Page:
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Friday, July 4, 2008

Eight Major Trends Shaping US History Since 1980

Introductory Comments

A few days ago, in a popular economic blog run by Brad DeLong --- a good economist historian, but an irresponsible blogger who lacerates everyone he disagrees with and shows an implacable hatred of George W. Bush and not more sympathy for Ronald Reagan --- the sassy, shooting-from-the-hip sourpuss listed six major trends that have marked American history since the start of the Reagan presidency in early 1981.  Some of the list is OK; some of it isn't; and the omissions are blatant.  To remedy these problems, Prof bug will add two neglected trends --- these omissions typical of DeLong's biases , ---and will briefly discuss two screwed-up trends that appear in his list.

DeLong's List

There are, to repeat, a half dozen he singles out. 

  1. The end of the Cold War
  2. Other winner-take-all factors that have, in combination with education, pushed American income polarization back to Gilded Age levels.
  3. The failure of American taxpayers to support their state and local governments in expanding funding for public education--and the impact of reduced public education effort in sharpening the distinction between rich and poor.
  4. The computer revolution in productivity growth.
  5. The rise of China (and soon, we hope, India) as industrial powers.
  6. The extraordinary social liberalization of America--if you had told any Republican in 1980 that 2008 would see (a) a Negro with an Arabic-Swahili name beating a veteran fighter pilot in the presidential polls and (b) gay marriage as the big cultural issue of the day, said Republican would have blown several gaskets. And if you had said that this would have been the result of an "Age of Reagan" said Republican would have melted down completely.
The Buggy Additions and Comments

Here's An Important Trend Ignored by DeLong: No 7, The Sharp Decline in Violent Crime Since the Early 1990s

  • Thanks to a combination of far better policing, a drop-off (until recently) of the number of young men (14-25), and far more incarcerations, our cities --- which were dangerous and infested with street crime of all sorts, making civilized life in many of these cities impossible --- the US has become one of the least violent countries in the advanced industrial world. In UN surveys of crime-victims in dozens of countries world-wide, carried out between the late 1980s and the early part of this decade, the US was ranked in roughly the bottom quarter of industrial countries in violent crime. Americans, it also turned out, were the most confident among industrial peoples in going out into public spaces and showed the most confidence in their police.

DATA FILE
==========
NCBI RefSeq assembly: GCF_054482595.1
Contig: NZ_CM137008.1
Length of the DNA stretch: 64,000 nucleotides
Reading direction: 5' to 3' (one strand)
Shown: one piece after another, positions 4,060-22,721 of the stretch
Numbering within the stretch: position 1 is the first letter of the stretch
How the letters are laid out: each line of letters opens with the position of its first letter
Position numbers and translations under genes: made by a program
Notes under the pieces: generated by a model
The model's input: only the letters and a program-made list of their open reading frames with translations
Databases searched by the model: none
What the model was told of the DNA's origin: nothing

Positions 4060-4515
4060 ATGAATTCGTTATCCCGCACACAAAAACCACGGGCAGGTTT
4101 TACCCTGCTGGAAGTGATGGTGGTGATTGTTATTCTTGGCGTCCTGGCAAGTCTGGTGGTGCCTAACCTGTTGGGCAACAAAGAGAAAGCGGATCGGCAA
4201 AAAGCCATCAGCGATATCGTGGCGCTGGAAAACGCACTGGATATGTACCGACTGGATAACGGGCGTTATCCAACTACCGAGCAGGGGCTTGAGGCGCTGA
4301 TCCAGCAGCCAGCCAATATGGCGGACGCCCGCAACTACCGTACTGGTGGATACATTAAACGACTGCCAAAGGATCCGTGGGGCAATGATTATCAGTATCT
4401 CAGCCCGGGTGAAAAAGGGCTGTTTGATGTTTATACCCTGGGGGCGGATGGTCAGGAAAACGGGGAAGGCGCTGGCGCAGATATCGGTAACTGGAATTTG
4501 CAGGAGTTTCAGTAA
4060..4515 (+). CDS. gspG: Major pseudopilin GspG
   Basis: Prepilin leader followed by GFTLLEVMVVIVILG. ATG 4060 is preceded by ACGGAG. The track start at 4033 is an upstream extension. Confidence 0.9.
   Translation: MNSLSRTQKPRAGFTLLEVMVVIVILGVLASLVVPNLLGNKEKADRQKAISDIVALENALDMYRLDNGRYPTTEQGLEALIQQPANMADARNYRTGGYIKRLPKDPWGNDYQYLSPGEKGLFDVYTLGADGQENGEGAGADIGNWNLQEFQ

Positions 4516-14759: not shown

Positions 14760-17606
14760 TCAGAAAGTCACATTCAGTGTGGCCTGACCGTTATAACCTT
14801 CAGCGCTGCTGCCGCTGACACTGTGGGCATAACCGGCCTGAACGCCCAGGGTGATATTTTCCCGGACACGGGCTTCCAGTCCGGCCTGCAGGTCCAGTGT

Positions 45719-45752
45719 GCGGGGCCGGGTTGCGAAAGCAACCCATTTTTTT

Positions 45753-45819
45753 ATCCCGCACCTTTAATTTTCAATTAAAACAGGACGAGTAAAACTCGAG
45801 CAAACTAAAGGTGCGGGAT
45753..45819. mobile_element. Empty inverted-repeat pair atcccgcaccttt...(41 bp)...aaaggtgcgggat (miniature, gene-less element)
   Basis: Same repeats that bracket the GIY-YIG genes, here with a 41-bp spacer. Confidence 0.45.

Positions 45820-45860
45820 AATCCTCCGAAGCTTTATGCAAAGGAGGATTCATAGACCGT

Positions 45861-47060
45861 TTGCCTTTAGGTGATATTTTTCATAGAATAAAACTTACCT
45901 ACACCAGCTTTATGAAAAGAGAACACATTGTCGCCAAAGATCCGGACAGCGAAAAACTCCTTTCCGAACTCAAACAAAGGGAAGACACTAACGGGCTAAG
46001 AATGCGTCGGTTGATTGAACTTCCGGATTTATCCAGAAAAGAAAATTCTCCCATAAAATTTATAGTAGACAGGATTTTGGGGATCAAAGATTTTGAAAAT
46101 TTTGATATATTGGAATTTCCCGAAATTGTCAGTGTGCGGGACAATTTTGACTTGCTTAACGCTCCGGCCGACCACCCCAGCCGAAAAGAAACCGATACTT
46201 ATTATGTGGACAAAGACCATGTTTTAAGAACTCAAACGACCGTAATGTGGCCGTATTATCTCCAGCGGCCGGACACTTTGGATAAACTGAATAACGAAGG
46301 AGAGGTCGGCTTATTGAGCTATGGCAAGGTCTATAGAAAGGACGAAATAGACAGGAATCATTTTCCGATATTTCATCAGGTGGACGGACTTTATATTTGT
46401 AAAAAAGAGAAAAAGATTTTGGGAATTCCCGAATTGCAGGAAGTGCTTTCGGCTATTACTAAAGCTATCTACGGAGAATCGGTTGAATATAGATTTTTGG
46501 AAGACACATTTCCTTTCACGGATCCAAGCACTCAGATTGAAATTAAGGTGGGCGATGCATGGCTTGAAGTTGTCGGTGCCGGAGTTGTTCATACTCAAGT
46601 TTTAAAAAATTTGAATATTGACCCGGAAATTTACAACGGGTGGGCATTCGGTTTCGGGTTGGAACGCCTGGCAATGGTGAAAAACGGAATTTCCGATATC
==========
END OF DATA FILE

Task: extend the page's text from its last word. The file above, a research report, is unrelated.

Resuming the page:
• The former Swedish ambassador to the UN in New York was so impressed by the vast changes in public safety that occurred in New York city under Rudy Giuliani in the 1990s and on into this decade that he wrote an op-ed in the New York Times nominating Guiliani for the Nobel peace prize.

No. 3 Educational Spending in the US

  • This is a nonsensical claim by DeLong. As it happens, in the 17 years between 1990 and 2006, state and local government expenditures on education grew from $324.6 billion to $728 billion in current dollars --- in particular, from $499.9 billion to $728 billion in constant dollars. That's about a 46% real increase.

  • Quite apart from the nonsensical claim by DeLong about overall spending, it turns out that the average state in the US devotes only 61.3% of expenditures to classroom activities. The rest go to administrators, transportation, and a handful of support programs. Overall, though, there has been little improvement in the overall performance of American school children and teen-agers in international exams, mainly because the black-white and Hispanic-European American gap remains as big as it ever has (after a limited amount of initial improvement in the 1980s)

No. 4: The Computer Revolution and Increased Rates of Productivity Growth

  • DeLong's summary point is way too narrow an interpretation of a much more revolutionary set of radical breakthrough technologies that have transformed the very basic structures of our economy --- to wit, the cutting edge innovations across the board in information-and-communications, not least the Internet. We are still in the first generation of the World Wide Web, which has fueled the huge, non-stop growth of the Internet for both personal use and business commerce. Together, these new ICT innovations --- still working their impact on the US economy, not to mention the global economy as well --- have fostered a revolutionary shift from an industrial, material-based economy toward the use and manipulation of information . . . the basis of the emergent knowledge-based economy.